reports Sarah Schweitzer in the Boston Globe. (Opponents pictured above.)

“The duration reflects the high stakes: Should Wal-Mart win the right to build in St. Albans, opponents fear the retailer would be poised to proliferate in rural corners of a state that has resisted its overtures,” Schweitzer writes. “Vermont has the fewest Wal-Marts in the nation, with four stores, compared with 46 in Massachusetts, 27 in New Hampshire and 22 in Maine. Wal-Mart officials say the push for a greater market share in Vermont reflects the realities of modern life.”

The Wal-Mart fight in St. Albans has been anything but one-sided. Unemployment is over 10 percent and people in town complain there’s no place in the community to buy a pair of underwear. “The conflict has divided neighbors and families, as issues of class and values have come to dominate the debate,” Schweitzer writes. “Opponents say that supporters are being materialistic in forfeiting natural resources and the downtown for inexpensive wares. Supporters decry opponents as elitist for keeping jobs and cheaper goods out of a county that could use both.”

"> Wal-Mart Battled Ongoing Since '93 - Daily Yonder

Wal-Mart Battled Ongoing Since ’93

The nation's longest-running fight by a small town against the construction of a Wal-Mart is in St. Albans, Vermont, a town about a half hour from the Canadian border. People in St. Albans have been fending off the coming of a Wal-Mart since 1993, reports Sarah Schweitzer in the Boston Globe. (Opponents pictured above.)

"The duration reflects the high stakes: Should Wal-Mart win the right to build in St. Albans, opponents fear the retailer would be poised to proliferate in rural corners of a state that has resisted its overtures," Schweitzer writes. "Vermont has the fewest Wal-Marts in the nation, with four stores, compared with 46 in Massachusetts, 27 in New Hampshire and 22 in Maine. Wal-Mart officials say the push for a greater market share in Vermont reflects the realities of modern life."

The Wal-Mart fight in St. Albans has been anything but one-sided. Unemployment is over 10 percent and people in town complain there's no place in the community to buy a pair of underwear. "The conflict has divided neighbors and families, as issues of class and values have come to dominate the debate," Schweitzer writes. "Opponents say that supporters are being materialistic in forfeiting natural resources and the downtown for inexpensive wares. Supporters decry opponents as elitist for keeping jobs and cheaper goods out of a county that could use both."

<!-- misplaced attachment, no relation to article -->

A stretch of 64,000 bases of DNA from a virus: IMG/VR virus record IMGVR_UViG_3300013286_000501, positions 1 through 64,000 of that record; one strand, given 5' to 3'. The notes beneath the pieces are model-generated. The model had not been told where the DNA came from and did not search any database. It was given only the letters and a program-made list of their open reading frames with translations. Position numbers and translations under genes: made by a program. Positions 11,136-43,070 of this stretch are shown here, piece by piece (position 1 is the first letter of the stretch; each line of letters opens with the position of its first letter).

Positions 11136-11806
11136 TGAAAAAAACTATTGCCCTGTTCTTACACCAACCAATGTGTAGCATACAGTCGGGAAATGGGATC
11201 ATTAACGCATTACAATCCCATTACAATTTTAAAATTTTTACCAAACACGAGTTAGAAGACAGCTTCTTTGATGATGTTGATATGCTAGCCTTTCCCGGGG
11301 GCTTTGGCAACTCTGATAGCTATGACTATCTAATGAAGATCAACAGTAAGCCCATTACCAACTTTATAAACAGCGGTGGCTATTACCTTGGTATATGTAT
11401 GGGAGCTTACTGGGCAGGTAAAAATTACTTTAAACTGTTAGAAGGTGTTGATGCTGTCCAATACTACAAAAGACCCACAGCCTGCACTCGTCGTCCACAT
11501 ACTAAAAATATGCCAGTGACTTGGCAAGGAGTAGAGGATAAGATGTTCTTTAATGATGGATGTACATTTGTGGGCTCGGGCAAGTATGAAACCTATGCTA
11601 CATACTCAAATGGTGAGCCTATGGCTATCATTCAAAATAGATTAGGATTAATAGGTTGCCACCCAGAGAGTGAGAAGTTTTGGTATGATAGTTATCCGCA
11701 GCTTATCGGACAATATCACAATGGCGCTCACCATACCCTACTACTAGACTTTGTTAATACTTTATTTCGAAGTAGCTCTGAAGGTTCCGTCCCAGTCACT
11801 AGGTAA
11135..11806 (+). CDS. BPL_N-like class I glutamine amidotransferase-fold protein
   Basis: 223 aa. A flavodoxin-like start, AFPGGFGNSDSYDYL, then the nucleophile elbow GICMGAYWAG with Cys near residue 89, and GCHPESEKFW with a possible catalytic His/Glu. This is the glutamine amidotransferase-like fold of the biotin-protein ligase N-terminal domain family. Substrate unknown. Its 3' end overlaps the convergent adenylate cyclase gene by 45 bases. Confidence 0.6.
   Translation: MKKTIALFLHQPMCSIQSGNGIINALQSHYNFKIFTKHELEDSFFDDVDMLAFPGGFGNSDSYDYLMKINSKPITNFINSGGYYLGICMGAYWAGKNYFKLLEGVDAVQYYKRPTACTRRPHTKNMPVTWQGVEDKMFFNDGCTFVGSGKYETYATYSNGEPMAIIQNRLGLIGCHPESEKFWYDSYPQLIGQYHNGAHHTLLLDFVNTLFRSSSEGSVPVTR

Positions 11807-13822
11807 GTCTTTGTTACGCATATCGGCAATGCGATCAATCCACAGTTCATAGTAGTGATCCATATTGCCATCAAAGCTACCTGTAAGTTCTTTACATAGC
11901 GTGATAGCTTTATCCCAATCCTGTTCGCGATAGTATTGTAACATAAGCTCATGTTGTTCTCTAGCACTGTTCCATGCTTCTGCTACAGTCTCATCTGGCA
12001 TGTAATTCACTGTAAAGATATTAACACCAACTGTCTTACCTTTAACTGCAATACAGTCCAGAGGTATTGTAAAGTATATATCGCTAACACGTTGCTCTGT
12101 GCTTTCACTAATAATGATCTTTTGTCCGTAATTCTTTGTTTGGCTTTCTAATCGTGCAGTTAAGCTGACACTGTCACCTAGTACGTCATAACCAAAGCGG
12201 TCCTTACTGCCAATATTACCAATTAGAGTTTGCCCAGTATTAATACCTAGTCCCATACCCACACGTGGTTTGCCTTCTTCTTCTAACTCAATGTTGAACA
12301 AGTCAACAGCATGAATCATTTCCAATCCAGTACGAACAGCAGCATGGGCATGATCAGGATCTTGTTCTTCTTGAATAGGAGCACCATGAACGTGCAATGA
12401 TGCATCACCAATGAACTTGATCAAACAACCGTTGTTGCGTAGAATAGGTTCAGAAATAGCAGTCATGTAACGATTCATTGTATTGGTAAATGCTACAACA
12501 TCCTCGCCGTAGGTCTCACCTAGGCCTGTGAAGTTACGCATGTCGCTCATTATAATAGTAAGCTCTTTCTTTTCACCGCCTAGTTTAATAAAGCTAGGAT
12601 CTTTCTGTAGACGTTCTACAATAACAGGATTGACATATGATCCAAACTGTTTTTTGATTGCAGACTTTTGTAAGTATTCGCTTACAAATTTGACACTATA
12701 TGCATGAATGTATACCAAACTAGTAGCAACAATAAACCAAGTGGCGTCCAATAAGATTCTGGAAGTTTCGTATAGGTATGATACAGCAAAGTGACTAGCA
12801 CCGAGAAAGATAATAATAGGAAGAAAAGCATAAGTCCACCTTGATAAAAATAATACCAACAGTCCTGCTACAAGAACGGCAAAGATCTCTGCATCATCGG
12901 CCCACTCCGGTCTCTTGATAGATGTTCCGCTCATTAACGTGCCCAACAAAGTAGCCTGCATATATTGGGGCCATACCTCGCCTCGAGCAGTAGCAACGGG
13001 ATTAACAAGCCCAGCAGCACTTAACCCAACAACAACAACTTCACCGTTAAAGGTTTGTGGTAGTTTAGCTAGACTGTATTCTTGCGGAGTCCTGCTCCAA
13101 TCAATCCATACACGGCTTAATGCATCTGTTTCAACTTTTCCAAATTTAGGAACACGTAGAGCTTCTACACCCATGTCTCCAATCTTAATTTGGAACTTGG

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The nation’s longest-running fight by a small town against the construction of a Wal-Mart is in St. Albans, Vermont, a town about a half hour from the Canadian border. People in St. Albans have been fending off the coming of a Wal-Mart since 1993, reports Sarah Schweitzer in the Boston Globe. (Opponents pictured above.)

“The duration reflects the high stakes: Should Wal-Mart win the right to build in St. Albans, opponents fear the retailer would be poised to proliferate in rural corners of a state that has resisted its overtures,” Schweitzer writes. “Vermont has the fewest Wal-Marts in the nation, with four stores, compared with 46 in Massachusetts, 27 in New Hampshire and 22 in Maine. Wal-Mart officials say the push for a greater market share in Vermont reflects the realities of modern life.”

The Wal-Mart fight in St. Albans has been anything but one-sided. Unemployment is over 10 percent and people in town complain there’s no place in the community to buy a pair of underwear. “The conflict has divided neighbors and families, as issues of class and values have come to dominate the debate,” Schweitzer writes. “Opponents say that supporters are being materialistic in forfeiting natural resources and the downtown for inexpensive wares. Supporters decry opponents as elitist for keeping jobs and cheaper goods out of a county that could use both.”

 

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